We're Not Made of Money: Value Engineering and the Three P's
Value engineering, you say? Sorry?
It's a term widely used in the design-and-build business, and it's been floating around SYI quite a bit the past few weeks. As our clients pass the design phase and get into purchasing, it comes into play more often then not. It’s something we at SYI practice in our own homes. Heck, to be honest, we don't know very many people who don't practice it.
What is value engineering? It stems from new product development and means the ratio of function to cost.
Wait. Don't fall asleep just yet. When it comes to interior design, value engineering is a strategy that means looking for ways to deliver the best design for the dollar. Simple, right? It's maximizing the bang for your available buck.
In most any home design show on TV, you'll see value engineering in action when problems arise. The Canadian client (they're almost always Canadian, eh?) is keen on creating a mudroom for her hockey family to dump their gear. She also needs new flooring on the whole main level. Of course, Client Canadian Hockey Family has a tight and firm budget, and what-dya-know, there are hidden problems discovered that blow it clear out of the water. Asbestos in all the plaster walls! An extended family of raccoons living in the attic! A leak compromising the floor joists under the (as yet imaginary) mudroom! The designer breaths deeply and calls in structural engineers to rebuild the entire house, wistfully doodling mudroom plans on a napkin for the time being. When they finally get to the mudroom, laminate is looking like an excellent alternative to hardwood.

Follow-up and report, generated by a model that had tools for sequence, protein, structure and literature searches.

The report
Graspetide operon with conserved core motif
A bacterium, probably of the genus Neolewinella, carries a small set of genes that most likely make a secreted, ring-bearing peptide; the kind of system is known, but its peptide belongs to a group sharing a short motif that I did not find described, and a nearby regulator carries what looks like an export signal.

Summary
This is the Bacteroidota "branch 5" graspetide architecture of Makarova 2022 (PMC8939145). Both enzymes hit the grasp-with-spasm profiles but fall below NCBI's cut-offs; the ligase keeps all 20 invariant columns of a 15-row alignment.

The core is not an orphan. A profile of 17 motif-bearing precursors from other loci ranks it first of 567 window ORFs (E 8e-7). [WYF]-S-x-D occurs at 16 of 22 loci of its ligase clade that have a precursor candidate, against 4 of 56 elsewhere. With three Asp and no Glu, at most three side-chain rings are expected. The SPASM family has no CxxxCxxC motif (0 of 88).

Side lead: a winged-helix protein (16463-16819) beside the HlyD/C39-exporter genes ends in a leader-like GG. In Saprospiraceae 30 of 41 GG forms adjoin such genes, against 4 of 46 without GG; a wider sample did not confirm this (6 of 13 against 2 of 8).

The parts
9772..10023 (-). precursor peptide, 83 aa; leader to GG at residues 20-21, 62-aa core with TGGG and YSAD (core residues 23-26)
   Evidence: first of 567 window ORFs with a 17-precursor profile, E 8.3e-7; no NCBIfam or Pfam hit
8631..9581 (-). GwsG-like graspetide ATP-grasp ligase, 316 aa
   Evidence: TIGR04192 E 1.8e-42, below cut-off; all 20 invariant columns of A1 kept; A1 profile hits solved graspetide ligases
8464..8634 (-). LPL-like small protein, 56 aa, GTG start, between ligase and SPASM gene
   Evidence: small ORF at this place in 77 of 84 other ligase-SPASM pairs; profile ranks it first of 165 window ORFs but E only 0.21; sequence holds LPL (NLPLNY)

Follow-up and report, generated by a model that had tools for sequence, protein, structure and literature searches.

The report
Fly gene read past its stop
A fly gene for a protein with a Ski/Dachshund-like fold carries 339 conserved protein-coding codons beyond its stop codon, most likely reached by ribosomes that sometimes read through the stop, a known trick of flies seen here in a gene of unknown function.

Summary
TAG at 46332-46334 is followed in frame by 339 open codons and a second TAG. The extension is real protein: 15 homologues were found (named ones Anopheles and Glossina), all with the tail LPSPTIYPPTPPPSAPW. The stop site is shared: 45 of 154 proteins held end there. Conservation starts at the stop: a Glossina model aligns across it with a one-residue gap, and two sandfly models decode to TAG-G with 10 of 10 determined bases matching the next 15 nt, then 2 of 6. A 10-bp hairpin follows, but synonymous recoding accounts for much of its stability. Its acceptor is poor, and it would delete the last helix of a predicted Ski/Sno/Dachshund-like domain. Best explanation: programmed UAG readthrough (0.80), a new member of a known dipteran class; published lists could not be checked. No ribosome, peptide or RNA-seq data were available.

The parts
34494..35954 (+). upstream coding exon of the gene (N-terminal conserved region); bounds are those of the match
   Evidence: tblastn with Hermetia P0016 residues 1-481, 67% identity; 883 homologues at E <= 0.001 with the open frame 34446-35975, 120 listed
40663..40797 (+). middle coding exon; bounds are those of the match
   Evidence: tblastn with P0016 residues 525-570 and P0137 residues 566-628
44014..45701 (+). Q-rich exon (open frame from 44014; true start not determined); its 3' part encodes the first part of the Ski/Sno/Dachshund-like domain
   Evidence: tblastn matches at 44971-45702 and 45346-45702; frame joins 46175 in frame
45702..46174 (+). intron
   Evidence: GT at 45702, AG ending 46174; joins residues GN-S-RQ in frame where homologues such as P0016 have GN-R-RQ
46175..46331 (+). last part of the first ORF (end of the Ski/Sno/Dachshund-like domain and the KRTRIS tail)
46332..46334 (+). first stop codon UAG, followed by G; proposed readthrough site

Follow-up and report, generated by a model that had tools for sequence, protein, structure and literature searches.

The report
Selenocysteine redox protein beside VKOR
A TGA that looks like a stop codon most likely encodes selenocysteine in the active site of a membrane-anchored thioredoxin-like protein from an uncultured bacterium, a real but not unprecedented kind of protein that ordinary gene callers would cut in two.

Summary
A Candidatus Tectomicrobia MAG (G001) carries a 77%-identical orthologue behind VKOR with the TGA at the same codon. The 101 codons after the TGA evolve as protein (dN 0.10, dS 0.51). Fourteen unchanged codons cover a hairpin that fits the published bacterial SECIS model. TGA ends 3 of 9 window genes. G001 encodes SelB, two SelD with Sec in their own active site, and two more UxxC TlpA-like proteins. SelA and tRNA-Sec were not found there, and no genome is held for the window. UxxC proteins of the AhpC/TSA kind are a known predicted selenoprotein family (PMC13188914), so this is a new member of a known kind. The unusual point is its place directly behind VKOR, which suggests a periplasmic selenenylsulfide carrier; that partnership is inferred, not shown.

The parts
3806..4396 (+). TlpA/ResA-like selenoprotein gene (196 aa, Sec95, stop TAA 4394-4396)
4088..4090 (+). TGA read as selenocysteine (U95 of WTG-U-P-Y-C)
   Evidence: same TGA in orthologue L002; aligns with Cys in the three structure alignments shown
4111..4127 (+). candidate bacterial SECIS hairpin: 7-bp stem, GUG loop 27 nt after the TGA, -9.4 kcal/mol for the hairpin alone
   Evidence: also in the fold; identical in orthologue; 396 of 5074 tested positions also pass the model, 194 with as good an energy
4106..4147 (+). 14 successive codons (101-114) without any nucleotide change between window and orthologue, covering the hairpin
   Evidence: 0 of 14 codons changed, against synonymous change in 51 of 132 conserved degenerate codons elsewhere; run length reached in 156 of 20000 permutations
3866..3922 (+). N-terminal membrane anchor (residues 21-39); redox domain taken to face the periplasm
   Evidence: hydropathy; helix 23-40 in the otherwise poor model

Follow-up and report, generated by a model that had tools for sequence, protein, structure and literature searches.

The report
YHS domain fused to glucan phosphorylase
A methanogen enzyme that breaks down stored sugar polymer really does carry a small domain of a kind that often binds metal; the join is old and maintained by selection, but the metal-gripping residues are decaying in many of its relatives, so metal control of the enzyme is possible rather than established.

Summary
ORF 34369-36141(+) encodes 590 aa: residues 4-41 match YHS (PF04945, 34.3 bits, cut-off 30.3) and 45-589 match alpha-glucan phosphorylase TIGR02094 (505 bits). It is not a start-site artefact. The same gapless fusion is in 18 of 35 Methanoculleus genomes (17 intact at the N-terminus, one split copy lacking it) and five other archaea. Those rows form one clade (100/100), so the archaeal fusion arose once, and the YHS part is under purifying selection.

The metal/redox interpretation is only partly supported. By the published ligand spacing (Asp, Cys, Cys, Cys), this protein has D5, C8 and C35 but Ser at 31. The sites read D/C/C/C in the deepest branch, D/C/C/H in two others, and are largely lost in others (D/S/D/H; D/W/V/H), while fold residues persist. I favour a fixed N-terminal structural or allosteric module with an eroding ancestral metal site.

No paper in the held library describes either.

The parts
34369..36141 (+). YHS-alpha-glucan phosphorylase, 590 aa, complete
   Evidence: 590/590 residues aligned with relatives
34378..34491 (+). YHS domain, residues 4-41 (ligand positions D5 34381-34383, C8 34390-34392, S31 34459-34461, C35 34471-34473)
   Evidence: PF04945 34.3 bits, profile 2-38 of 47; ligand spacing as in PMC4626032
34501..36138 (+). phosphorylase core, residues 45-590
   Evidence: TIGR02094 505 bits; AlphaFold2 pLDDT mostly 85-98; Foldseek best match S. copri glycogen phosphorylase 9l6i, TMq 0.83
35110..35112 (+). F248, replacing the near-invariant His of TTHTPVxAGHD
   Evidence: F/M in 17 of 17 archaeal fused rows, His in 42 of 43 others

This is value engineering. Laminate floor costs less than hardwood up front and delivers the same function. Longevity (aka planned obsolescence)? Depends on the quality of the laminate. Resale compared to hardwood? Depends on the market. Depends on how long the client plans to live in the home. There are so many factors never discussed on these shows.
When you hire an interior designer, you have a goal to achieve something like this:
or, oh my, this
Beauty and serenity can be achieved within a budget.
YES! That's what we just said. And we believe it.
Pennies do need to be saved; sometimes home equity loans need to be taken on. (Interest rates still are awesome, by the way). But dream designs, big and small, can be achieved on a budget. One part of that is often value engineering: choosing a less expensive countertop so you can afford the ridiculously pricey but gorgeous pendants you've had your eye on for years. The other part is this zingy group, SYI's Three P's: Planning, Prioritization, and Patience.
You pay up front for a good plan from SYI, a landscape designer, or a structural engineer. That means you get a color scheme and layout and direction by professionals who have considered as many of the project's collateral impacts as possible. Once that's in hand, you figure out what to tackle first and what can wait: the laundry room and master bath go on the back burner in order to get a kitchen you love and new lighting for the painfully dark living and family rooms. You prioritize.
Then, friends, comes the hard part. Dare I say, the spiritual part. Patience. Time. Sometimes in order to achieve your dream home makeover, you get the plan, you set your priorities, and then you phase it. You do your most desired and then wait a year. Or two. Or five. You save up to buy a piece of furniture; you redo the kitchen but put in laminate countertops for now. You hold on occasional furniture like end tables, and scout for the right thing at the right price in antique shops over time. Let's be honest; a great home—the most authentic design—comes together over a lifetime.
All of us at SYI—Susan, Janie and Keri—practice the three P's and value engineer. Like many of our clients, we have other things—tuition, bills, vacations—to pay for, and those dreamy home improvements have to be cleverly budgeted and sometimes spread out over time.
Here are ways we have value engineered:
Susan knocked down all the walls in the main living level of her split-level home. But she (ahem, her husband) had a very strict budget. In order to stay within the budget, things needed to be value engineered.